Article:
If you’re the underdog rebel, comparative advertising is generally a good thing. That’s why MCI hammered Ma Bell so hard, why FedEx ripped Emory to shreds, and why 80s era Timberland took such sharp aim at Sperry Top-Siders.

On the other hand, if you’re king of the hill, punching down isn’t normally a great idea — unless you are responding to a genuinely effective challenge, or to remind people why “just as good for less” is largely a myth (as in the Hertz example above).

In the class-leader case, it’s typically better to leave your comparisons implied and indirect.

There’s a reason it was Pepsi that did the Pepsi Challenge, and not Coke, who simply reminded you that they were “the real thing.”

3) Are your customers Maximizing or Satisficing?

The great myth in advertising is that every buyer is looking to utterly maximize and optimize every purchase, regardless of the time and attention required to do so.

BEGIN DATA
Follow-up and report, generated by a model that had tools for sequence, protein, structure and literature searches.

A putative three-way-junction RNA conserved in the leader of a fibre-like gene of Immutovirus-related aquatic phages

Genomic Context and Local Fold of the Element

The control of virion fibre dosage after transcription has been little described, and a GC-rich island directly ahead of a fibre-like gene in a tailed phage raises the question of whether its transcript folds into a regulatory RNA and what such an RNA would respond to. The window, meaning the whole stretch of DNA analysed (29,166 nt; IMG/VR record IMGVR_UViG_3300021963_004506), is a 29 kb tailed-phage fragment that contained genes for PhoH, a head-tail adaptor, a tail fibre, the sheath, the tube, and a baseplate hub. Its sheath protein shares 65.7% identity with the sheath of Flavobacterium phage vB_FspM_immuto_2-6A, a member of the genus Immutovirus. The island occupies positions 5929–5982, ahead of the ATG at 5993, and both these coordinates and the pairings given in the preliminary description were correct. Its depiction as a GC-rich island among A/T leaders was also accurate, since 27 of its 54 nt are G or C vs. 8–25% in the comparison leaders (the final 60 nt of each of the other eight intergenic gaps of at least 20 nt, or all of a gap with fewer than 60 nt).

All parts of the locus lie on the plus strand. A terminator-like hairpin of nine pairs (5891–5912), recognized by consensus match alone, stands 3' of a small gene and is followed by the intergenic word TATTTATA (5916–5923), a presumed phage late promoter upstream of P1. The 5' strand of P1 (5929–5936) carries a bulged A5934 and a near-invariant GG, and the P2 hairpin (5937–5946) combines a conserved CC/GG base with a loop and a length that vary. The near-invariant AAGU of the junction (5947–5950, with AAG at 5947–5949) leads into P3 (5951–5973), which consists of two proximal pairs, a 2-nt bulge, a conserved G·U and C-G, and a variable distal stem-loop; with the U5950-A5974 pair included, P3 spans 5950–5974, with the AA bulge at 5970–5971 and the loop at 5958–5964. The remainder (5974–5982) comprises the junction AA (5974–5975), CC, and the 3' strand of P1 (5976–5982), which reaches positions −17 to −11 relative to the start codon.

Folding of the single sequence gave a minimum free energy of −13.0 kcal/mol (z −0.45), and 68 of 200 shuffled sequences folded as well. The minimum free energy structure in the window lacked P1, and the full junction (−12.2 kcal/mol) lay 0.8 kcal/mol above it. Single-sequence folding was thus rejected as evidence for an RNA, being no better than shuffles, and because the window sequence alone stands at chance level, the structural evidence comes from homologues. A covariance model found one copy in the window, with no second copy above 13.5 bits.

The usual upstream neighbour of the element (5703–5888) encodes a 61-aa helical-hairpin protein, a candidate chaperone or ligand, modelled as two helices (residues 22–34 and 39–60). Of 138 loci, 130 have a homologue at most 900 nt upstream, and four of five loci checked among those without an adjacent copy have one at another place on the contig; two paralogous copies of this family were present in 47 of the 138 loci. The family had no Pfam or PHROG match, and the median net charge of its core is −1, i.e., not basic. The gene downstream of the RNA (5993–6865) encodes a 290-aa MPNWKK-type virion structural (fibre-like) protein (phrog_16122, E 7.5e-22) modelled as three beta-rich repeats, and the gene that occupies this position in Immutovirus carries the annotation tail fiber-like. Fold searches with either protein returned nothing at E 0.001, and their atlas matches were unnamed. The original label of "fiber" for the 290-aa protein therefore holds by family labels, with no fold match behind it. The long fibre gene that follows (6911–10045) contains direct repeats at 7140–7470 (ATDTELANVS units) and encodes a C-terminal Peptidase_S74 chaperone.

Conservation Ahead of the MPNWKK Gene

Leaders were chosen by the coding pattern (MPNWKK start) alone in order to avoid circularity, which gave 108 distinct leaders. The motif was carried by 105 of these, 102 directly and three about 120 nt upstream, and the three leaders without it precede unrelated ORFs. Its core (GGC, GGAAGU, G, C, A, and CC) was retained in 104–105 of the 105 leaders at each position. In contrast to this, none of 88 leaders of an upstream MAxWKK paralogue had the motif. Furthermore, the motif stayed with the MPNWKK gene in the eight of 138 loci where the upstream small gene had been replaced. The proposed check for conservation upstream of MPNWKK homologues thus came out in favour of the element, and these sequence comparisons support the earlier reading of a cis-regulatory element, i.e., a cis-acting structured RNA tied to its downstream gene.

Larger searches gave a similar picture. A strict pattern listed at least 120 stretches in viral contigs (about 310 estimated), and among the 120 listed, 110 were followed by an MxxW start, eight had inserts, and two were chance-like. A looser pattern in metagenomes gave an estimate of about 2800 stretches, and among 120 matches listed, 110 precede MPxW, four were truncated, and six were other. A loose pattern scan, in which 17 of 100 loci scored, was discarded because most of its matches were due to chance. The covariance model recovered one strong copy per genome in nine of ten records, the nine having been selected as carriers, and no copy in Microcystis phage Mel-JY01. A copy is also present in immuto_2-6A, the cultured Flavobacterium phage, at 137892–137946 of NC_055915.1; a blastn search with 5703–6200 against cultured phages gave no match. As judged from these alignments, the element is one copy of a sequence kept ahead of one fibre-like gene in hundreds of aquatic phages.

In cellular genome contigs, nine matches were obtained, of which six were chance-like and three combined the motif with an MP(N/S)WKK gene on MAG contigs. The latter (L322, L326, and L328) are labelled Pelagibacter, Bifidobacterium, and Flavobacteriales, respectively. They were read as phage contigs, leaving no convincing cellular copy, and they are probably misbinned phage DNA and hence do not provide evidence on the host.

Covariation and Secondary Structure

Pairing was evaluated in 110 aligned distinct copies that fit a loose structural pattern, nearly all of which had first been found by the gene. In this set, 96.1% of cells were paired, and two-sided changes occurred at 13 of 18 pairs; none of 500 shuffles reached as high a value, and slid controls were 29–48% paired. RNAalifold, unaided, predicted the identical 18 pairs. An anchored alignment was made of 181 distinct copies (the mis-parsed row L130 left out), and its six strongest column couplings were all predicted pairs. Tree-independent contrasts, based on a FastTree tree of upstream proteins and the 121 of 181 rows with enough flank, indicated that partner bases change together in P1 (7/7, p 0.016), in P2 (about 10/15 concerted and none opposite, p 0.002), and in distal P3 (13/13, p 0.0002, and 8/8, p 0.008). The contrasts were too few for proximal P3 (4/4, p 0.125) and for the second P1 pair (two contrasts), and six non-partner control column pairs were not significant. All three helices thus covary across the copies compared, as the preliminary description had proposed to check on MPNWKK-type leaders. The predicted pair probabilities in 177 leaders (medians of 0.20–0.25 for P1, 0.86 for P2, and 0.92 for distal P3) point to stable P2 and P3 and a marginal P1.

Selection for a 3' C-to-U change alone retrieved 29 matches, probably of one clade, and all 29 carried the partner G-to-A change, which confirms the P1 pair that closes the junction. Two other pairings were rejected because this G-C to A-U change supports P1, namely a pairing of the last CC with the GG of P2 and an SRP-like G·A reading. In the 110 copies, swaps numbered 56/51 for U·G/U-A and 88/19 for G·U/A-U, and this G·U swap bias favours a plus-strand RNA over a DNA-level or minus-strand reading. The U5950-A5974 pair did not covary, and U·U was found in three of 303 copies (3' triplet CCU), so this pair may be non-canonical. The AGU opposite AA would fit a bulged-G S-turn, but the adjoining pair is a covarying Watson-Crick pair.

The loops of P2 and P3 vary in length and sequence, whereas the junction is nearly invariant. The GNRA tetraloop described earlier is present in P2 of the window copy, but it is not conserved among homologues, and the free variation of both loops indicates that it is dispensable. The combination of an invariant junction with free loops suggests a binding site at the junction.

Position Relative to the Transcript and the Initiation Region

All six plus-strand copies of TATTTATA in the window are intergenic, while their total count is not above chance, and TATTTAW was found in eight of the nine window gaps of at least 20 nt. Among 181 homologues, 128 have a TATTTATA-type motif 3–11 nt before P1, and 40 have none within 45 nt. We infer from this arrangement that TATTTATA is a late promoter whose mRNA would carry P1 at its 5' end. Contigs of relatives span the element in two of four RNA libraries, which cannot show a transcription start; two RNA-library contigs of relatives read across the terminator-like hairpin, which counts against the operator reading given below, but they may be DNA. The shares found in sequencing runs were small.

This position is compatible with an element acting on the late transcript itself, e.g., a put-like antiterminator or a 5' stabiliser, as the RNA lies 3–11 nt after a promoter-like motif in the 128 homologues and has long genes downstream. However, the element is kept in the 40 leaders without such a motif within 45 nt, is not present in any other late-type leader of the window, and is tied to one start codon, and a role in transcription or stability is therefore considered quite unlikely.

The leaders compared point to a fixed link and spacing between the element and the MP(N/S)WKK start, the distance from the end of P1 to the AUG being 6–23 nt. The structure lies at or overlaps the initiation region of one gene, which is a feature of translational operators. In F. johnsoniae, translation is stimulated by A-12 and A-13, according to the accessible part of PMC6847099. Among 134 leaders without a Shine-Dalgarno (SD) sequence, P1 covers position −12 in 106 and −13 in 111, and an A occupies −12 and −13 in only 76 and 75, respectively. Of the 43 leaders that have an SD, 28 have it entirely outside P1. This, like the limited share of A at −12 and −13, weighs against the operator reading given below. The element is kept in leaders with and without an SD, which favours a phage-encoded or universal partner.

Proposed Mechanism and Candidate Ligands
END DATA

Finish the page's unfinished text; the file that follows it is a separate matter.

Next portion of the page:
But nobody has that much time or attention. So the vast majority of purchases are satisficed instead of optimized.

If you’re unfamiliar with that word, Satisficing means finding a “good enough” solution you can trust with a minimum of time, effort, and attention.

In other words, people have a problem and they want a “good enough” solution that’ll remove that problem and allow them to get back to their regularly scheduled life with a minimum of effort.

If you are selling considered purchases or enthusiast type (aka, “Sexy”) products that are maximized — AND if the facts are on your side AND you are the up-and-comer — then by all means make explicit and direct comparisons.

Do your best Ally & Gargano impersonation.

If, on the other hand, you sell something bought via satisficing, then make your comparisons indirect and implicit.

Make yourself the “sure thing” solution that people can trust. The honest goods.

And leave the idea that other options aren’t so sure or so honest implied.

In other words, practice a bit of Ugly Duckling Advertising.

I hope that helps you understand the pros and cons of comparative advertising and when and where to employ it. If you still have questions, or want help making such a choice, feel free to contact me — I’m happy to help.